I was reading a book called Myth and magic by Joyce Miller (Goblinshead, 2000) when the author threw in the comment about the chalybeatic (or mineral salts)  Virtue Well at Airdrie being used as a healing well in the 18th century by the well to do, before Harrogate became the place to be seen. The poor continued to use it into the 19th century, not having anywhere else to turn to.

Image from National Library of Scotland

A quick search brought up Virtue Well View in Glenmavis, which suggested it wasn’t far away. ScotlandsPlaces provided a more precise location and added the information that the well was filled in in 1856, and that all that remains is a slight hollow (although the map above also shows a mill dam which I haven’t seen mentioned elsewhere).

The excellent Monklands Memories site provided more information about the surrounding area including the fact that the Virtue Well sat beside Virtuewell Burn as it ran through Virtuewell Glen, so you think people would know the name, and yet, nobody I know from Airdrie has ever heard of it, including folks from Glenmavis.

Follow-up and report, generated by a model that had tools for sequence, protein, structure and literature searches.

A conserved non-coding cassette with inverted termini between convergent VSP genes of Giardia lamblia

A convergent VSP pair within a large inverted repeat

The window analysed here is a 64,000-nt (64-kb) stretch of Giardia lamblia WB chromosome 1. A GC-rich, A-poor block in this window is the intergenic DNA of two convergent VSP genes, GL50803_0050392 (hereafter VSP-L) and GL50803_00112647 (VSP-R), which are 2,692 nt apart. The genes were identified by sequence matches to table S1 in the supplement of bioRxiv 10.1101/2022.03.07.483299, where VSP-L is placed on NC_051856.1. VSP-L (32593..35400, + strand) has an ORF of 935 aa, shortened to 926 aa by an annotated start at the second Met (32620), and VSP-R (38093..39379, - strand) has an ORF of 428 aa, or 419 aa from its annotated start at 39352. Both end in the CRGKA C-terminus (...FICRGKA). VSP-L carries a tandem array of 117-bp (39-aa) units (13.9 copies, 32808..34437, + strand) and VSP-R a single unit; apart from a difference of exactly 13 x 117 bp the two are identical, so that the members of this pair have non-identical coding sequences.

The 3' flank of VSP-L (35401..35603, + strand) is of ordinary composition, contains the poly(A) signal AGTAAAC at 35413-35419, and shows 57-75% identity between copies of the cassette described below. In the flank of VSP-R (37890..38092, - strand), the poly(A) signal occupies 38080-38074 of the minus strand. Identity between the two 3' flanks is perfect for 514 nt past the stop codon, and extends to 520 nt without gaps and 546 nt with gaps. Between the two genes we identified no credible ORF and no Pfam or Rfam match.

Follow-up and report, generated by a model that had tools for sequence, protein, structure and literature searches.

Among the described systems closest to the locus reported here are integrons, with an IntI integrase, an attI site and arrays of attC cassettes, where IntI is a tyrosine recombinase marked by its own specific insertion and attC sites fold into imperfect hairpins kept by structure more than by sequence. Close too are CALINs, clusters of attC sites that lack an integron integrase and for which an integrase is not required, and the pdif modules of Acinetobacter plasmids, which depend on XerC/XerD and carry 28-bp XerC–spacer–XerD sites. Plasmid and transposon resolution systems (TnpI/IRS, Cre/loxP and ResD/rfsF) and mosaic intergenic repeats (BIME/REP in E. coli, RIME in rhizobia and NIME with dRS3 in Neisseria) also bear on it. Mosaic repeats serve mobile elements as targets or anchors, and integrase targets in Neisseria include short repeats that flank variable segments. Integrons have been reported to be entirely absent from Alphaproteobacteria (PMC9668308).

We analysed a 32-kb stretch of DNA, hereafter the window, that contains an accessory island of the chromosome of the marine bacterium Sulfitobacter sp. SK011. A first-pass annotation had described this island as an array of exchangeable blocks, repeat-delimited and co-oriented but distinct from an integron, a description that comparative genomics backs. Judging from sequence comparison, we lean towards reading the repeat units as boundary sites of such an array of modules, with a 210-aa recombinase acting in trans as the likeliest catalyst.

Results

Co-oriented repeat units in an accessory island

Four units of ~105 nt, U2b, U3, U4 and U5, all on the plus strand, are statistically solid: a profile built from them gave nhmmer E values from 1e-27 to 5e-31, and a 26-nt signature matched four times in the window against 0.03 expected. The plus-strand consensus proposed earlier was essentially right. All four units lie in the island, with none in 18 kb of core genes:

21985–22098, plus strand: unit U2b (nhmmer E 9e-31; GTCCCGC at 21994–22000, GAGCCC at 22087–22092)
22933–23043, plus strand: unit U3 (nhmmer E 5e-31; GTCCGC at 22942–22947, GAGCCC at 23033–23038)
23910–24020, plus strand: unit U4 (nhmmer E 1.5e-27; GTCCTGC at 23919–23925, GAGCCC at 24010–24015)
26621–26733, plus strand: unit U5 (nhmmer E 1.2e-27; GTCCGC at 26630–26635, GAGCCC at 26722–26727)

It’s a shame when local knowledge like this gets lost, which is why it’s brilliant that Northburn Community Park is being set up by The Penny Project. This group of volunteers aim to develop the land for the benefit of wildlife and the local community and part of that is finding and telling the stories of what went on here, from Maggie Ramsay the Witch to old railways to Gallows Hill.

And hopefully they can keep their project going despite the financial cuts all over the place, because this work is a real investment for the future.

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